An Ocean-side Conversation with Humane Educator Zoe Weil

Founder of the Institute for Humane Education, Zoe Weil

August. Blue Hill, Maine.

Little did I know that my quick trip to the Blue Hill library to do some emailing would lead me to one of my mentors in humane education, Zoe Weil. Two women were sitting at the study table and we started talking. One of them mentioned that there was a center for the sorts of things I was writing about just up the street in Surry and she knew the founder. I sent Zoe an email and two days later we were face to face, sitting on the rocky beach with the waves of Penobscot Bay rolling up to our toes and Zoe’s two dogs galloping over the boulders in search of sticks.

Zoe is full of energy and ideas, as one might expect from a ground-breaker in calling for humane education to be a cornerstone within our current education systems. Here is an overview of our hour-long conversation.

I suggested to her that we build in empathy for other species into every grade and she responded which the idea of building empathy in general. It’s one of the four elements of humane education – Reverence, Respect, Responsibility, and Empathy – for all people, animals and the earth. I asked her about the correlation between narcissism and empathy, and she mentioned that Japan is not a particularly narcissistic society but neither is it empathetic, in particular, towards animals.

One of the most interesting facets of our conversation was the dialog on empathy and corporate regulations. Zoe believes there are many systems in place that prevent empathic people from changing systems (which is one of the reasons I am promoting the out-of-the-box thinking fostered by arts education to create new systems). She pointed out that in many of her talks she says that she might not want to participate in the genocide of mountain gorills and people in the Congo, but the coltan in her antilock brakes, computer and cell phone, tie her inadvertently to the conflict over the mineral resource. For more on this complex issue, see

One of her colleagues is a corporate lawyer who is trying to change corporate codes in different states so that they can pursue profits but not at the expense of communities, the environment, the dignity of employees. He has yet to be convinced to add animals to the list. But, Zoe concedes, it will at least be part of the discussion.

Part of Zoe’s powerful work with the Institute for Humane Education is to help make it easier for corporations to do the right thing. She explains that corporations are given the same rights as people, but  unlike people, they are not held to the same responsibilities and obligations. She describes how her corporate lawyer colleague was able to create a corporation in Virginia called  ‘License to Kill’ with the mission “to use tobacco products to make money for shareholders that will kill half a million people a year within the limits of the law.” He wanted to see if he could get incorporated with this title and mission statement. He did.

Zoe fervently underscored the need for critical and creative thinking towards system change to be added to empathy training. I mentioned that part of the power of the arts is that it strengthens one’s inner sense of richness and self-understanding, as well as self-confidence and cooperation skills, which counteracts the often destructive ramifications of much unchecked consumerism which often lacks responsibility towards the environment and the animals that live in it (and often people in poverty). All for the sake of corporate profit. I told her a bit about the Park Dreams project and how everyone I have spoken with mentions, in response to the question “what was most meaningful to you in your middle school and high school education” something about theater, music, band, english or art class. Zoe suggested that teaching the thinking behind using the arts could be a powerful venue for changemaking, and I told her that I would add this to the presentation  Saving the Elephants, Saving Ourselves: The Role of Arts in Social Change.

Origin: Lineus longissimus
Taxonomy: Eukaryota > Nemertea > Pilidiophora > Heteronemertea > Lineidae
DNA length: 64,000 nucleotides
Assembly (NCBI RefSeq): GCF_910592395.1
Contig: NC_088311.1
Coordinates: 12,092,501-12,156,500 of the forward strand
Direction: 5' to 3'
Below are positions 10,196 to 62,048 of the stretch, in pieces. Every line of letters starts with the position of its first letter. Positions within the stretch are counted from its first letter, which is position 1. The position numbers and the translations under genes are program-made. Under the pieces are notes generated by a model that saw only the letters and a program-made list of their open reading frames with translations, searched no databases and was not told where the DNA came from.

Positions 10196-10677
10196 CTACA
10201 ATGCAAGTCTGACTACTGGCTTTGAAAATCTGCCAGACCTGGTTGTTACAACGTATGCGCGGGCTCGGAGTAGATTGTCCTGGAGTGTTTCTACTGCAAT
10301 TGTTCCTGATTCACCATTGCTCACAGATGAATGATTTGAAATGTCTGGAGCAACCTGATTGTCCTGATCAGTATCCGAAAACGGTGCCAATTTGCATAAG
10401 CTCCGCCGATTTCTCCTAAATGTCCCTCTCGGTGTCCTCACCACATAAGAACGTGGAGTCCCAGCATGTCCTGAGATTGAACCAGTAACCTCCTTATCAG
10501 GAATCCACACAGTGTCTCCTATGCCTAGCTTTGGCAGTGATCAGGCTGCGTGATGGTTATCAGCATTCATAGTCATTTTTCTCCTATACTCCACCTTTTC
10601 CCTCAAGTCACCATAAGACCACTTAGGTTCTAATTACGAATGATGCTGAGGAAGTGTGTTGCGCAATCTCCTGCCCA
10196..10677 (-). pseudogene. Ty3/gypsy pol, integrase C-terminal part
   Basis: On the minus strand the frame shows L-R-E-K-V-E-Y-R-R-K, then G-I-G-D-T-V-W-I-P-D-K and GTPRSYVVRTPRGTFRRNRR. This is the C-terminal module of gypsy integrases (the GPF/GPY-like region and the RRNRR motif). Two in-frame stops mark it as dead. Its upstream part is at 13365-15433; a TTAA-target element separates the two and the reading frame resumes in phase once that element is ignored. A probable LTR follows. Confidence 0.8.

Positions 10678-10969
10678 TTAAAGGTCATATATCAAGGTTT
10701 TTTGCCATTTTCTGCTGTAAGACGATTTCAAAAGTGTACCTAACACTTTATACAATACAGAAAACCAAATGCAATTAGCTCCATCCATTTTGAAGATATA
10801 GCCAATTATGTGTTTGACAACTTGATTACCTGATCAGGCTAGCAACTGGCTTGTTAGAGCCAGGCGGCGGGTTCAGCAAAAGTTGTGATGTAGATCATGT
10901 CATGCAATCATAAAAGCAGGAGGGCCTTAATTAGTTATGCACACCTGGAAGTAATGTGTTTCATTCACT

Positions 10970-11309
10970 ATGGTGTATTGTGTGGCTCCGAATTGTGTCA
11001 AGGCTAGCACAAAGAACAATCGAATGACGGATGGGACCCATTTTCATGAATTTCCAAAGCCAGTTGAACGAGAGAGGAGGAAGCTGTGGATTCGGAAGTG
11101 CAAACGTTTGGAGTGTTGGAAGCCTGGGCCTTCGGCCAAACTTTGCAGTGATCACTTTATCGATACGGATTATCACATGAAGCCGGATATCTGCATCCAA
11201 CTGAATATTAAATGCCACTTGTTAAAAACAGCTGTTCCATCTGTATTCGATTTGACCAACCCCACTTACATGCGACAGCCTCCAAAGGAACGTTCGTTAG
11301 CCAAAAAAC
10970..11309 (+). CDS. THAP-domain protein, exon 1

She told me that the dream comes true through persistence.

All in all, it was an inspiring visit and I look forward to attending one of her MOGO workshops this year in between all the other work I’m doing for Park Dreams and The Elephant Project.

To read more about current lawsuits surrounding the right of corporations to be treated with the rights of human beings

About naturestage

Miranda Loud is the Founder and Artistic Director of the non-profit NatureStage based in Waltham, MA, and is an interdisciplinary artist - classical singer/organist/filmmaker/photographer and environmentalist. She writes about the vital need for education to include a more heart-centered approach to studying other species that leads to a sense of stewardship. Naturestage creates works that foster empathy and kinship with other species, using the emotional power of storytelling in different art forms, mainly film, photography and music. She is also a public speaker on art and social change. Her current projects include The One Language Project, Park Dreams, The Elephant Project, and Elephantasia which all use different art forms to encourage a mind shift in how we relate to other species by asking "How would the world be different if we viewed other species as someones instead of somethings? If, instead of drawing lines, we drew circles?"
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